It’s important to understand that in a culture where the only way for a woman to stay out of abject poverty is to “marry up,” Naomi realizes that she’ll negatively affect the “market value” that her daughters-in-law could command: A viable husband is going to favor a potential bride with less baggage, and as far as most potential-husbands in Moab would be concerned, a widowed-Israelite is baggage – she’s another mouth to feed, she’s to old to have any more children, so she can’t augment the family workforce by producing more men to work the farm in the next generation.
And on top of that, she’s a foreigner, and almost nobody had egalitarian notions about foreigners back then. Naomi figured she was an obstacle for her daughter-in-law, so she tells them to go back to their mothers’ house and seek out another husband while she goes back to Israel to try and sort out her own affairs.
Naomi is not trying to “get rid of Ruth and Orpah.” Naomi is trying not to be “their problem” anymore. Naomi suffers under a similar delusion to the one that I think a lot of us have: She feels guilty for having needs. She feels guilty for needing her daughters in law. Having needs makes her feel like a burden. And rather than coming to terms with that – recognizing that God made us for each other kind of like he made us for himself – and then reaching out, allowing others to bear some of the burden that comes with existence alongside her, Naomi pushes them away, because she’s terrified of being “their problem.”
On top of that, she also doubts that they’d have any luck finding a husband in Israel. The Law of Moses demanded that the Israelites treat foreigners well and do everything necessary to convert them to worship of the true God and enable them to participate fully as members of the community, but during the time of the Judges, where our story takes place, everyone “did whatever was right in their own eyes” rather than “doing what was right in God’s eyes,” according to Judges chapter 17, and so the Law of God did next-to-nothing to incline them toward welcoming Moabites. As far as Naomi could see, there was no version of this where sticking with her was gonna go well for her foreign daughters-in-law, so she pushes them away.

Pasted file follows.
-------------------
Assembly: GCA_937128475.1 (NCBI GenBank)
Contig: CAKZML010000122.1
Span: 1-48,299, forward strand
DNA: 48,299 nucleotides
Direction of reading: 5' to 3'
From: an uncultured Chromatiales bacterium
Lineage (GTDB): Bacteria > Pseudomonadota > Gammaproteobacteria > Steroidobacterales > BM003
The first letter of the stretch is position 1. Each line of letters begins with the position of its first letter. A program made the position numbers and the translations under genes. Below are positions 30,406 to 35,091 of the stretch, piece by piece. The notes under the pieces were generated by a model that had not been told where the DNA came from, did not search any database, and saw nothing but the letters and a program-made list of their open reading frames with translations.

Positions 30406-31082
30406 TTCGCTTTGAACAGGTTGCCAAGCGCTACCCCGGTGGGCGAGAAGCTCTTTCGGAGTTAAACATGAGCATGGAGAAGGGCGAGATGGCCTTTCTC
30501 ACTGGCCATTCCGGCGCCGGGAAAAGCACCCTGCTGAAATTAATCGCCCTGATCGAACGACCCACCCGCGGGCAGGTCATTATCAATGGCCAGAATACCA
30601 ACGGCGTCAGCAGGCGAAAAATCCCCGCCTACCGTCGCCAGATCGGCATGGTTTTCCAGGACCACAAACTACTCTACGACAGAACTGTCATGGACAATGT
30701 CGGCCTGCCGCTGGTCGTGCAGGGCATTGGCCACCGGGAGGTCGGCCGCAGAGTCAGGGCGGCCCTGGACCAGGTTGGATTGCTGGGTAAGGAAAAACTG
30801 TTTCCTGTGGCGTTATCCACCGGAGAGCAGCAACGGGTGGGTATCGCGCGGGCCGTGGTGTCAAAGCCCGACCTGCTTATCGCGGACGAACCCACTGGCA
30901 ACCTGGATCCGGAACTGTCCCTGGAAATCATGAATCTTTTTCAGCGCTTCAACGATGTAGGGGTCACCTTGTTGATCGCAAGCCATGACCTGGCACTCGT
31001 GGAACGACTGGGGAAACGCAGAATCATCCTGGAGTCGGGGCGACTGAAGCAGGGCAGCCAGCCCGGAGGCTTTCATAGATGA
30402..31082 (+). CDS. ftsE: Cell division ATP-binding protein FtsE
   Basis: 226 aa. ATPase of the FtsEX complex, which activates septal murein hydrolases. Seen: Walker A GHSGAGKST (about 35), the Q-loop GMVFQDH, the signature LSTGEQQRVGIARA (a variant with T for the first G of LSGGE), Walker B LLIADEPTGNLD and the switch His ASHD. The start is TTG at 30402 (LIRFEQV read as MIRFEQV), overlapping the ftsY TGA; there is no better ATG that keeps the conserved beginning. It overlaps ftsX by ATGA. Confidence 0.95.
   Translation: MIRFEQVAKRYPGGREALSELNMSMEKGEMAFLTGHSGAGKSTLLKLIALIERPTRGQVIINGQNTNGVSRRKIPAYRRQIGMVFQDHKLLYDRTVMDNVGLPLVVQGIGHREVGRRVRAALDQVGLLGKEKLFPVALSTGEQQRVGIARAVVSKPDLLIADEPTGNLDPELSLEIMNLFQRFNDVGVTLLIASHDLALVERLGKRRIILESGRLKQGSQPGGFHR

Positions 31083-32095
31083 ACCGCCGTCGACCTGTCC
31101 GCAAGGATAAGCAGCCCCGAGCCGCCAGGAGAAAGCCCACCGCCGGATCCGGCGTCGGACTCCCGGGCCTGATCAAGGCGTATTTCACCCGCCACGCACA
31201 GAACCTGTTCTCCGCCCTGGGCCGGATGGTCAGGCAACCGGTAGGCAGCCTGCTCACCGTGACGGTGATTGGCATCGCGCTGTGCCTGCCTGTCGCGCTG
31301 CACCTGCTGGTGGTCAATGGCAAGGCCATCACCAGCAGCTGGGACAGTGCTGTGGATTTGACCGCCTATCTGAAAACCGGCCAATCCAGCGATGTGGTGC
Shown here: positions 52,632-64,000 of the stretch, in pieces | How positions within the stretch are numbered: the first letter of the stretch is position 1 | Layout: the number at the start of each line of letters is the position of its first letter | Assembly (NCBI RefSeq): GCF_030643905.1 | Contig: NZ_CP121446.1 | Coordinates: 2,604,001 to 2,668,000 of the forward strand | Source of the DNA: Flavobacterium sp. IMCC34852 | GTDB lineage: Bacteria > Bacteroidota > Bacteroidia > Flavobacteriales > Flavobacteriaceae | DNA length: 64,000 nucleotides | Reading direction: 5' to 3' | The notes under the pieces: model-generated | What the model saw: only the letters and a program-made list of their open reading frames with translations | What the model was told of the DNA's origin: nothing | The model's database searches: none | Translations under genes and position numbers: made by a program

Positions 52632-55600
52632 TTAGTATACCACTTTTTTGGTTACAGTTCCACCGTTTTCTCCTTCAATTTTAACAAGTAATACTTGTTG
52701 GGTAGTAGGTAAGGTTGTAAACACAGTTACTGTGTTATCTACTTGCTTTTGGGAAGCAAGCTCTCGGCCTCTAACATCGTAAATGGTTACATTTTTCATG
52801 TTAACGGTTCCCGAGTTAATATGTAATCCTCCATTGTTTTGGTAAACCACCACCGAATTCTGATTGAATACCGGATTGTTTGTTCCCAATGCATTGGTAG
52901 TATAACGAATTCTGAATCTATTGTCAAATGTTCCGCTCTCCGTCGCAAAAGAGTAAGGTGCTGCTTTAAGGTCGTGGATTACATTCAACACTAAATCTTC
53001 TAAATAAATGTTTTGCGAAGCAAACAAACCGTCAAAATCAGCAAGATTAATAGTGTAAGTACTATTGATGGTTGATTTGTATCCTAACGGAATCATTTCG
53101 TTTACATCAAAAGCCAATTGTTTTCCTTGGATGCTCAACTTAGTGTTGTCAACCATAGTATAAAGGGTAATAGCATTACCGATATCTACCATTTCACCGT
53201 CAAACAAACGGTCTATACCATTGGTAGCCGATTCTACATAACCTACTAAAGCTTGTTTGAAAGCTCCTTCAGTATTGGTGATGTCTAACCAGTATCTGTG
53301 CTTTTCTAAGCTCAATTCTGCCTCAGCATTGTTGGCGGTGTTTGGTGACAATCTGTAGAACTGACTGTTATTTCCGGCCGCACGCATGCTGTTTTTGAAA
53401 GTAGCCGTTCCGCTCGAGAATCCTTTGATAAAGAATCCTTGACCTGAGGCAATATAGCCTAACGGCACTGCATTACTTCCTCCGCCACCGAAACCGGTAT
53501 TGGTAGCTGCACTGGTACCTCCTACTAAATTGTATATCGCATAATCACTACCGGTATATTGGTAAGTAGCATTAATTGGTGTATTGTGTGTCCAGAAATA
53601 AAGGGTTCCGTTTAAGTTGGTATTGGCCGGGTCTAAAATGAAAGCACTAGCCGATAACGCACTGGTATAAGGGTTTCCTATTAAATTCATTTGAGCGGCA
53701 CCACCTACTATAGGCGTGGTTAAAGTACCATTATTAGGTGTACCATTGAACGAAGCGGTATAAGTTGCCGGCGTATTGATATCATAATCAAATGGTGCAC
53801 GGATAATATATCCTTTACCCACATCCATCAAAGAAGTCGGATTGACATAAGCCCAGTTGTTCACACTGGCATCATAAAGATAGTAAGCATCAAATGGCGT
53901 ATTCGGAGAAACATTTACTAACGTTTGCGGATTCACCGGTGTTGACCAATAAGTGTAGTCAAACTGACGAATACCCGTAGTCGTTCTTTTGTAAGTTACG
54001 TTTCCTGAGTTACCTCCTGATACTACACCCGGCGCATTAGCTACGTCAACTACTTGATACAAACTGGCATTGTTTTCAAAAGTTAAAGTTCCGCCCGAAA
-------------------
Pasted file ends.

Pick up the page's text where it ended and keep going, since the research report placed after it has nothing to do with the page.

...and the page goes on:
Orpah takes Naomi’s advice and goes home to find another husband. And Naomi tries to talk Ruth into doing the same. She says, “My life is too bitter for you to share, because the Lord’s hand has turned against me.” /
Like I said, a lot of commentators really lay into Naomi, here: They point out that Naomi and Elimelech had no business leaving the Promised Land during the famine. They point out that they ought to have remembered the way that God provides for his people in the most improbable ways: He provided a ram for Abraham to sacrifice when he called him up to the mountain with Isaac; He provided the “manna in the wilderness” when the Israelites were wandering outside the Promised Land after the Exodus; He provided them with one victory after another during Joshua’s lifetime as they faced off against one Canaanite tribe after another – the list goes on. But it’s unlikely that Naomi had any say in whether they stayed or went.